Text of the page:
BEPs (Q!J, HB) and produced power at the BEP (P^) can be determined for any PAT, having D" diameter and NH rotational speed, similiar (superscript II) to the prototype one. Furthermore, the whole characteristic and efficiency curves can be calculated by the application of Suter model: in 1966 Suter introduced two parameters (see also Wylie et al. (1993)):

h t WH ——; WT ——; (3)

q2(e2 + 1)'

q2(e2 + 1)'

e = -q

represents the operating condition of the machine and

h = HT œ = NT = QT t = TT = Hb ~ nb ' q = Qb 't = tb '

10 15 20 25 30 35 40

Q [l/s]

- Characteristic curves

Fig. 2. Characteristic curves of a PAT under variable speed, obtained by affinity law and Suter parameters from the prototype curve.

being T the torque applied to the runner.

The two functions WH(0) and WT(0) are unique for similar machines. Thus, once they are available for a prototype machine, they can be used to calculate the head drop HT and the efficiency nT of similar PATs in any operating condition 0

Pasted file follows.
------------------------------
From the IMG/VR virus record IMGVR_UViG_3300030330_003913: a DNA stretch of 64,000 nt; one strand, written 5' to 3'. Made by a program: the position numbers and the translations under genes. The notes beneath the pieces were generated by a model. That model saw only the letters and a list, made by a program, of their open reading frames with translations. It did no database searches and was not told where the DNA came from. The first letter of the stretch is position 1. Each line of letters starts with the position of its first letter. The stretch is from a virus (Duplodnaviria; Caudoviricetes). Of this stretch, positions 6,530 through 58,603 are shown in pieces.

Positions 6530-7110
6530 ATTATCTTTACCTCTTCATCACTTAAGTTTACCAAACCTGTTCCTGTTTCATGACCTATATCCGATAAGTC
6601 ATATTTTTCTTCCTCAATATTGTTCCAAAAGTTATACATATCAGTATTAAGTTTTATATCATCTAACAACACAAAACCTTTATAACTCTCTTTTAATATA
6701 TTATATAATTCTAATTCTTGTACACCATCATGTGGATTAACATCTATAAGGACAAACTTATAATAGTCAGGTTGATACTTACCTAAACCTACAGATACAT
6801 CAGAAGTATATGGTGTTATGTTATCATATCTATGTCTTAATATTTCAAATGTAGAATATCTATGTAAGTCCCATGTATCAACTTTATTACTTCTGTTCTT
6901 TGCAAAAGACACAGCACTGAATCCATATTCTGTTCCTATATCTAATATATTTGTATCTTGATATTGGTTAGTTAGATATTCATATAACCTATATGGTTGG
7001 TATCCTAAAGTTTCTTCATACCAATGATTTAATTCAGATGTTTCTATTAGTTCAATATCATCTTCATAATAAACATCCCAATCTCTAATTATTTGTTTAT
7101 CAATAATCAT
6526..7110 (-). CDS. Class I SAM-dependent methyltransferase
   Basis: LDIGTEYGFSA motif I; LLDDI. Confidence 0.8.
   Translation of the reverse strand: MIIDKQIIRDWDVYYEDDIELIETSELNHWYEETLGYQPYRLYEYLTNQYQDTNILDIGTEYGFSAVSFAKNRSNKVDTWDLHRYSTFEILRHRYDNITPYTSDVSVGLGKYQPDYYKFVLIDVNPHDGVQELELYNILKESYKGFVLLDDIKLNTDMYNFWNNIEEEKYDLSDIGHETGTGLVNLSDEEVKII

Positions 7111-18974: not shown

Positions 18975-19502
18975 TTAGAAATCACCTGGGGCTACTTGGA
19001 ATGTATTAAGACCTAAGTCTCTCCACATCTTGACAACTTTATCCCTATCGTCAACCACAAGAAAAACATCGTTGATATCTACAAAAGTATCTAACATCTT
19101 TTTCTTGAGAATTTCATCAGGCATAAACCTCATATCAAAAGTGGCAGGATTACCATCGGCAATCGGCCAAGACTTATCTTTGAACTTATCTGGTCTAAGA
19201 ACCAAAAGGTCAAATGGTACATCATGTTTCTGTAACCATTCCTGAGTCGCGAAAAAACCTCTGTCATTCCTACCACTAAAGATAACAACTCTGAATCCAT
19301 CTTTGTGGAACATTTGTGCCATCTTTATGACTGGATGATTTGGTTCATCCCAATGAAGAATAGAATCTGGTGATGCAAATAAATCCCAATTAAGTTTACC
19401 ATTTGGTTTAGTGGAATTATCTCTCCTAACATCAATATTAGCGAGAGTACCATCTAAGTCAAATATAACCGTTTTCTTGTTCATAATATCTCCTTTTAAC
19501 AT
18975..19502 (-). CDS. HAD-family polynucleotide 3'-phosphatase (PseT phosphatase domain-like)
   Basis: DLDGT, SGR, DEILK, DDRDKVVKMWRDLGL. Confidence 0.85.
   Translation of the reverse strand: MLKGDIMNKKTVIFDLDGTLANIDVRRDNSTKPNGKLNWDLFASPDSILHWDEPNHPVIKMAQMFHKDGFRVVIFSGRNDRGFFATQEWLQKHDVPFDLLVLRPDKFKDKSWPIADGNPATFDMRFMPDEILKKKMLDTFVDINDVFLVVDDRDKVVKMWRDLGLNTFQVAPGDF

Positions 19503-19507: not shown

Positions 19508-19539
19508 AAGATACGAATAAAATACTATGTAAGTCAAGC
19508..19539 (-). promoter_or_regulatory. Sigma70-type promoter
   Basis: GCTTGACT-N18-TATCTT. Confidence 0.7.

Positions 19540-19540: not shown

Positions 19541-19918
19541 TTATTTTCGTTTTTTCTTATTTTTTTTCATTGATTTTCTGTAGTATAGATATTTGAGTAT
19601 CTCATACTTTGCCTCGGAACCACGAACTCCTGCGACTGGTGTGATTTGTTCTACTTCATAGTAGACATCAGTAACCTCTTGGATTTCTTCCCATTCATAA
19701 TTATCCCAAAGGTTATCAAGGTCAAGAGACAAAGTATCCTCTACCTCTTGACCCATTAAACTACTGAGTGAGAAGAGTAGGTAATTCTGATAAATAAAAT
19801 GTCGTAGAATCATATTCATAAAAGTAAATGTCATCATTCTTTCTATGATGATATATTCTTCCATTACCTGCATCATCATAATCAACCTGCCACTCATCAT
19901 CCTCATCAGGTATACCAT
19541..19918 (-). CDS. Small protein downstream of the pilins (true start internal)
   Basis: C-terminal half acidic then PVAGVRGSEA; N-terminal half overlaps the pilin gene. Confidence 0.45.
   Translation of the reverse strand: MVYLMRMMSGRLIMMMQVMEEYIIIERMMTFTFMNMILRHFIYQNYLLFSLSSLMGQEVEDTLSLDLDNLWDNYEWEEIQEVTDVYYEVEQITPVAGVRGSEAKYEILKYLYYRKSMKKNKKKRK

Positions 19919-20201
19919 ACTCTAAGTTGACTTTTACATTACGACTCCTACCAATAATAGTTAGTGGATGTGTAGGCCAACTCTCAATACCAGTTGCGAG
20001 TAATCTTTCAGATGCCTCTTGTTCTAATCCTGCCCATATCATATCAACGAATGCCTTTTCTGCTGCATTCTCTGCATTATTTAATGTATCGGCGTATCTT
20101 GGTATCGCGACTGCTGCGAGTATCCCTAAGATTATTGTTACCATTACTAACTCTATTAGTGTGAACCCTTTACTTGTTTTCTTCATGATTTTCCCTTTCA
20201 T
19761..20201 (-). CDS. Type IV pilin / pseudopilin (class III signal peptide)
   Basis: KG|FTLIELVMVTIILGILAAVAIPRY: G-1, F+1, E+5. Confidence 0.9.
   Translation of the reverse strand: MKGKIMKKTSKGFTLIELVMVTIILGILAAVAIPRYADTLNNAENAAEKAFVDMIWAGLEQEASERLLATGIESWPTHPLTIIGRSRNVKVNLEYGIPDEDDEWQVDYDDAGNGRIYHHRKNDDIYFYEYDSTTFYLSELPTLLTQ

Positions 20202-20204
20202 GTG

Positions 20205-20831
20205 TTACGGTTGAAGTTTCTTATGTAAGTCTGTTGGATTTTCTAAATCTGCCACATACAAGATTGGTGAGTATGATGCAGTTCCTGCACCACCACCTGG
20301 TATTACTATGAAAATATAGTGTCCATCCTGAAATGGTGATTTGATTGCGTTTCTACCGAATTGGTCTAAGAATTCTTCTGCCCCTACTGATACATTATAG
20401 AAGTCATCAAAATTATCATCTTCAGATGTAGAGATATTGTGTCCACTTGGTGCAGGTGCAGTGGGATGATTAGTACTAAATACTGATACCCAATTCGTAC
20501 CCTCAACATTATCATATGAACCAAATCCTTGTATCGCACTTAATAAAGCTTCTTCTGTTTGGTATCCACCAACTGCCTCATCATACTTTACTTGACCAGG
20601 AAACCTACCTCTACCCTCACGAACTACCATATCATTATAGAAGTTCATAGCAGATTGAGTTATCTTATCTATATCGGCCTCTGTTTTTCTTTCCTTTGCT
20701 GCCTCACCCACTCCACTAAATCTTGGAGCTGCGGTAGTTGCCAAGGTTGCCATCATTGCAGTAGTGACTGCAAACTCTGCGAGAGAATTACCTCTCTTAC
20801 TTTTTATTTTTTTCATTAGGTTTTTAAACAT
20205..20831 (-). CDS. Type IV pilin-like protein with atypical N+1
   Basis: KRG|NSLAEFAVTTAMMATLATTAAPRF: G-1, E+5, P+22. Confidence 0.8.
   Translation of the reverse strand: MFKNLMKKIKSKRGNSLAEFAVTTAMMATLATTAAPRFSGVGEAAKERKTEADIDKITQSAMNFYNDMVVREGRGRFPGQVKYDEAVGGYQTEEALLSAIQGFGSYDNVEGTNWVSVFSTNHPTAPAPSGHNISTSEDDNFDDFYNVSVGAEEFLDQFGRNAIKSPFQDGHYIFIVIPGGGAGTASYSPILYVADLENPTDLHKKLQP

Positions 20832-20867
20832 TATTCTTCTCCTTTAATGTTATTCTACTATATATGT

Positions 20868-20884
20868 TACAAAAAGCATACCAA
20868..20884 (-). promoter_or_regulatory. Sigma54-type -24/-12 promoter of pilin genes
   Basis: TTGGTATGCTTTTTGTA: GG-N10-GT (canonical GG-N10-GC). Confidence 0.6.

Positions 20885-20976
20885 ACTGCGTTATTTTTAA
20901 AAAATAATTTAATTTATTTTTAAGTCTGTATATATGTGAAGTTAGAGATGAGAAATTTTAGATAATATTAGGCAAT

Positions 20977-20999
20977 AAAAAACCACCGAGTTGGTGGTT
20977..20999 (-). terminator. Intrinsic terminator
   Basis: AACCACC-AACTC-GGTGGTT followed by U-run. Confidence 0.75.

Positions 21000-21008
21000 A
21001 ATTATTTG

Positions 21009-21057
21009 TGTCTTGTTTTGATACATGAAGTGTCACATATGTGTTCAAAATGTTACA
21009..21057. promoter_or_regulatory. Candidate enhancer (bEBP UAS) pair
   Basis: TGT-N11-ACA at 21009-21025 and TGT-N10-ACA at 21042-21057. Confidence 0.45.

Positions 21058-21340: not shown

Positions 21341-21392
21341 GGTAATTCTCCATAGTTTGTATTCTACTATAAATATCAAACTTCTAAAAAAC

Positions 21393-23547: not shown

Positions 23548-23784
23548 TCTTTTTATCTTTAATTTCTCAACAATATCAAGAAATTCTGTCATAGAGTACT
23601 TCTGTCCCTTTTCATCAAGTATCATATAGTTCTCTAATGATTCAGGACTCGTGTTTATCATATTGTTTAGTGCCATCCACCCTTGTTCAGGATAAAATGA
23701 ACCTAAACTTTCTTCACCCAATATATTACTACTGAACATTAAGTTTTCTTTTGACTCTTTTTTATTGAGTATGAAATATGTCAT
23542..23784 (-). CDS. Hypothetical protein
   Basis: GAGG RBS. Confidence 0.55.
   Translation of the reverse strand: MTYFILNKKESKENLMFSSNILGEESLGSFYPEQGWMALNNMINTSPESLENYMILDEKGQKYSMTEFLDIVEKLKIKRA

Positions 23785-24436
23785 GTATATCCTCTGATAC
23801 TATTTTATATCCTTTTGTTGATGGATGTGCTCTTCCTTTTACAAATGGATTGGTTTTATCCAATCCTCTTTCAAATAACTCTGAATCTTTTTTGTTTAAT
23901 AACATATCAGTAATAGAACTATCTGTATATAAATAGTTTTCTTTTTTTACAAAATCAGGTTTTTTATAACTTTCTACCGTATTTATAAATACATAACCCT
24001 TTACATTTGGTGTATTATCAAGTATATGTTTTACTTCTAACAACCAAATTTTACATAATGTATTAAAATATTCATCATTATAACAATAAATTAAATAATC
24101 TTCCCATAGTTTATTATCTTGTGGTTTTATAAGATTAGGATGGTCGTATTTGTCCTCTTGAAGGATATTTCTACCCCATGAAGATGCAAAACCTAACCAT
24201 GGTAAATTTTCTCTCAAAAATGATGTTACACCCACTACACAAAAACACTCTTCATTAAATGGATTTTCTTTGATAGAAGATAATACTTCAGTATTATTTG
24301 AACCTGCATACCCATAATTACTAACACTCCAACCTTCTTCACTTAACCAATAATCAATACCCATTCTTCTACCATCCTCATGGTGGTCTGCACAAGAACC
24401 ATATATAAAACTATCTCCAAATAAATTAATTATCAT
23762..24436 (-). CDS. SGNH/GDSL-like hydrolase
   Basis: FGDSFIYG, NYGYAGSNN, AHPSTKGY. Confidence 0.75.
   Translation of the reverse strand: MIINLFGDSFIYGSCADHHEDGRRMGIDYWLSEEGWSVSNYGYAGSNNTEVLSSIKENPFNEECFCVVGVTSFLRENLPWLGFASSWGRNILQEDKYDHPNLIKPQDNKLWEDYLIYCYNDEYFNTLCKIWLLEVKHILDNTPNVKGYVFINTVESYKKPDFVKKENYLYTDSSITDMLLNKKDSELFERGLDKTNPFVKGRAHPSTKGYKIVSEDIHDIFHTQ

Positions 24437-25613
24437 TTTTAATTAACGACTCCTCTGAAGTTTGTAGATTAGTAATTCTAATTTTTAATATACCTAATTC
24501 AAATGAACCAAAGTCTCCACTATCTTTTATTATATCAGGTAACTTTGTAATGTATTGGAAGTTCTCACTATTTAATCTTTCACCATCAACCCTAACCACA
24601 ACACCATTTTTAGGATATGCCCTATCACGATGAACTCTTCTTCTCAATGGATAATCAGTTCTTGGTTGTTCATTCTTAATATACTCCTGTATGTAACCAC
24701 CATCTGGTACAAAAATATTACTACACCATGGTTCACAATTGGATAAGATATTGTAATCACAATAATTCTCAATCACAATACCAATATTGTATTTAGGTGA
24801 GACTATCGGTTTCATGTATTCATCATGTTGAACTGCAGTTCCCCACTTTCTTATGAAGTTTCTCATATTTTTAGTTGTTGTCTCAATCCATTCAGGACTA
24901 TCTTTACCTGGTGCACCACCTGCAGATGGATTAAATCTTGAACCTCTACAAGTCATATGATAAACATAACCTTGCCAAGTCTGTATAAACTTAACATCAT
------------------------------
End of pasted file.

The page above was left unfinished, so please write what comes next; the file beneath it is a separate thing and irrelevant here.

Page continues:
HT = [q2(02 + 1)WH] Htb , nT = 0WWHni (6)

where nTT is the efficiency of the machine at the BEP.

In Fig. 2 the characteristic curves of a single-stage centrifugal pump, obtained by such procedure from the prototype curve, are plotted together with a dashed line, connecting the BEPs of the different curves at different rotational speed.

3. Comparison between experimental data and affinity law results

A large data set relative to the behaviour of 17 different pumps operating as turbines is available to the authors. For each PAT both the characteristic and the efficiency curves have been measured for different rotational velocities. The characteristics of the pumps are reported in Table 3

Table 1. Characteristics of the machines dataset. (HCM = Horizontal Centrifugal Multi-stage, HCS = Horizontal Centrifugal Single-stage, SSS = Submersible Semiaxial Single-stage)

PAT Pump type No. of stages speed range [rpm]

a HCM 2 1550- 3050

b HCM 2 1550- 3050

c HCS 1 1550- 3050

d HCS 1 1550- 3050

e HCS 1 1550- 3050

f SSS 1 780- 1550

g SSS 1 1050- 1550

h SSS 1 780- 1550

i SSS 1 780 - 1860

j SSS 1 780 - 1860

k SSS 1 780- 1550

l SSS 1 780- 1550

m SSS 1 750- 1550

n HCM 3 1550- 3050

o HCM 4 1550- 3050